Discover more from Wonkette
Welcome To Wonkette Happy Hour, With This Week's Cocktail, Fall Apple Sangria!
How you like dese apples?
Greetings, Wonketeers! I’m Hooper, your bartender. I got together with some friends last week for a potluck and made a pitcher cocktail for my contribution. (As was expected. Sometimes, you gotta stay on brand.) I’m not quite ready to let go of my favorite summer cocktails, but it’s time to enjoy the height of apple season … and I’ve got a bottle of apple brandy to kill in the liquor cabinet. This sangria recipe seemed like a perfect compromise. Let’s make a pitcher of Fall Apple Sangria. Here’s the recipe:
Fall Apple Sangria
1 ½ cups fresh apple cider
2 bottles hard cider
1 bottle German pilsner beer, or 1 ½ cups dry white wine
½ cup apple brandy
1 cup ginger beer
1 sliced apple
1 sliced pear
1 sliced orange
2-3 sticks cinnamon
Add the sliced fruit to a tall pitcher. Add the remaining ingredients and cover. Let sit in the fridge 1-2 hours before service. Stir well before pouring. Garnish individual glasses with cinnamon sticks and apple slices.
I’m a sucker for sangria of all sorts. Freshly made, or cheap bottles of adult Kool-Aid from Spain; doesn’t matter, I’m there. I’m not much of a traditionalist, either. Folks have been heaving extra fruit and booze into wine for generations, but sangria as we know it was created in New York City, at the 1964 World’s Fair. The classic recipe is great, but there’s no reason to put it on a pedestal.
This particular recipe completely throws the rules out the window. A sangria without any wine in it is a bit of a stretch. Using an Oktoberfest style beer keeps the flavors on point for autumn, and the bitter maltiness grounds the fruit flavors. Still, it seems a bit odd. The guests at the potluck didn’t complain, but I’ll give serious thought to using a dry white wine instead of beer next time.
Likewise, the amount of fruit you use in the pitcher matters. A good sangria sits and melds with fresh fruit slices for a while. Apples are a hard fruit, so your mastication time needs to be longer. I originally used two of each fruit in the pitcher, and it was a struggle to pour at times. One of each fruit seems more manageable, but don’t skimp on the resting time before pouring.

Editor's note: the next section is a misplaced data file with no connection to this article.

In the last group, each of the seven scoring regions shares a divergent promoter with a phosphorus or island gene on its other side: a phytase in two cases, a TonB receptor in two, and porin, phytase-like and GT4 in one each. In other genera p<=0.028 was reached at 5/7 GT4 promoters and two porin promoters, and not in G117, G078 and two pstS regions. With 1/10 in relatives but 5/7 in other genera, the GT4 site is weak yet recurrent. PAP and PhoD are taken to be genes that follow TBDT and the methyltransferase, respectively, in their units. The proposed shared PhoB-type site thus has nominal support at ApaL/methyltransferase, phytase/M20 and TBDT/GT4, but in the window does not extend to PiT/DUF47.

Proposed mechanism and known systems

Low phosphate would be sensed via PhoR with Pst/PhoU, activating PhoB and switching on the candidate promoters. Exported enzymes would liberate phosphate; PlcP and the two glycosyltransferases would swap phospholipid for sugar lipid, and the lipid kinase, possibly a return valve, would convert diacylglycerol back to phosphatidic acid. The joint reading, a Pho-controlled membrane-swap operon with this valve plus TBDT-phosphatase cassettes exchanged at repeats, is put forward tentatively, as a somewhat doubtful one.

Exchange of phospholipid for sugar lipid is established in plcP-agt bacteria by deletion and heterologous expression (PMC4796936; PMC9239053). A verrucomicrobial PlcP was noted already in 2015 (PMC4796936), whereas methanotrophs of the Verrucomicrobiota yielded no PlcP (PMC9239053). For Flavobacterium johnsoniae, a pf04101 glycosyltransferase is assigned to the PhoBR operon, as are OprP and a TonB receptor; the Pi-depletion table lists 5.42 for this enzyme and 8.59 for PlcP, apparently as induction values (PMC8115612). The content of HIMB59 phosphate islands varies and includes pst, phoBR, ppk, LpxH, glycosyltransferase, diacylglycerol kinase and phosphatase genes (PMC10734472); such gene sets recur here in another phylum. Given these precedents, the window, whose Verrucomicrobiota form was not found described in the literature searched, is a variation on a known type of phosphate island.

I love how we’re using every form of cider imaginable in this cocktail. A combination of soft cider (or fresh apple juice, if you’re across the pond), hard cider, and apple brandy hits every apple note imaginable. You get a wealth of apple flavors in different expressions, all in one glass. I’ve started to see cider listed by apple variety at the stores. Angry Orchard offers a Granny Smith hard cider, and I’ve spotted Gala and Honeycrisp varieties of fresh cider in the stores here in Ohio. The best apple pies use several varieties of apple to encompass the range of flavors and textures. This cocktail isn’t any different. Try all the apples, all at once.
Don’t overlook the ginger beer. Ginger and apple go together wonderfully, so a ginger beer with bite is needed. Cock and Bull would be great. Reed’s Ginger Beer comes in a variety of strengths, which gives you the option to boost the ginger levels to your liking.
Let’s talk ingredients:
Fresh Cider: The good stuff that was a perfectly happy apple before it was crushed a few days ago. Pasteurized is fine, and probably more desirable. I have brought home unpasteurized cider from the farmer’s market and watched it ferment on the day of purchase. Hunt around and find the best cider local to you; out here in Ohio, sampling your way through the orchards is half the fun. As a rule of thumb, the cloudier the cider, the better it tastes.
Hard Cider: I’m using a local cider made here in Cleveland. I enjoy Angry Orchard a great deal, and would recommend the brand in a heartbeat. Angry Orchard is owned by the Boston Brewing Company, aka Samuel Adams. Sam Adams has done a ton of good work promoting tasty beer and local breweries; without them, we might still be in the clutches of InBev, convinced that all beer tastes like Bud Light. Drink Angry Orchard, give money to good people … or drink local and give it to your neighbors.
Beer: Keep this as simple as possible. A German witbier or American “Oktoberfest” beer is the best choice. We’re looking for something mild, malty, and easy to sip. If the idea of mixing beer and fruit juice doesn’t sit right with you, try a dry white wine like a sauvignon blanc. An IPA is, to put it mildly, a poor choice.
Apple Brandy: I went with Watershed, which is a local brand. Calvados is the classic mainstay French apple brandy, and well worth your time. Applejack is often a good alternative; however, “blended applejack” can contain as little as 20 percent apples, the rest being moonshine. Or it might not; the definitions are very loose and not rigorously monitored. As a rule, I’d stick with a brand I trust.
Cinnamon: Apples and cinnamon go together perfectly. Don’t use ground cinnamon, it’ll make the drink gritty.
Fresh Fruit Slices: Fresh fruit is what really makes sangria, and a diversity — apples, oranges, and pears — makes it better. Give the sangria plenty of time to absorb flavors from the fruit before serving.
In summary and conclusion, drink well, drink often, and tip your bartender — donate to Wonkette at the link below! And if you'd like to buy some bar gear or books from Amazon, please click here!
You can find me on Threads and Insta at samurai_grog!
Be a subscriber! We have cocktails!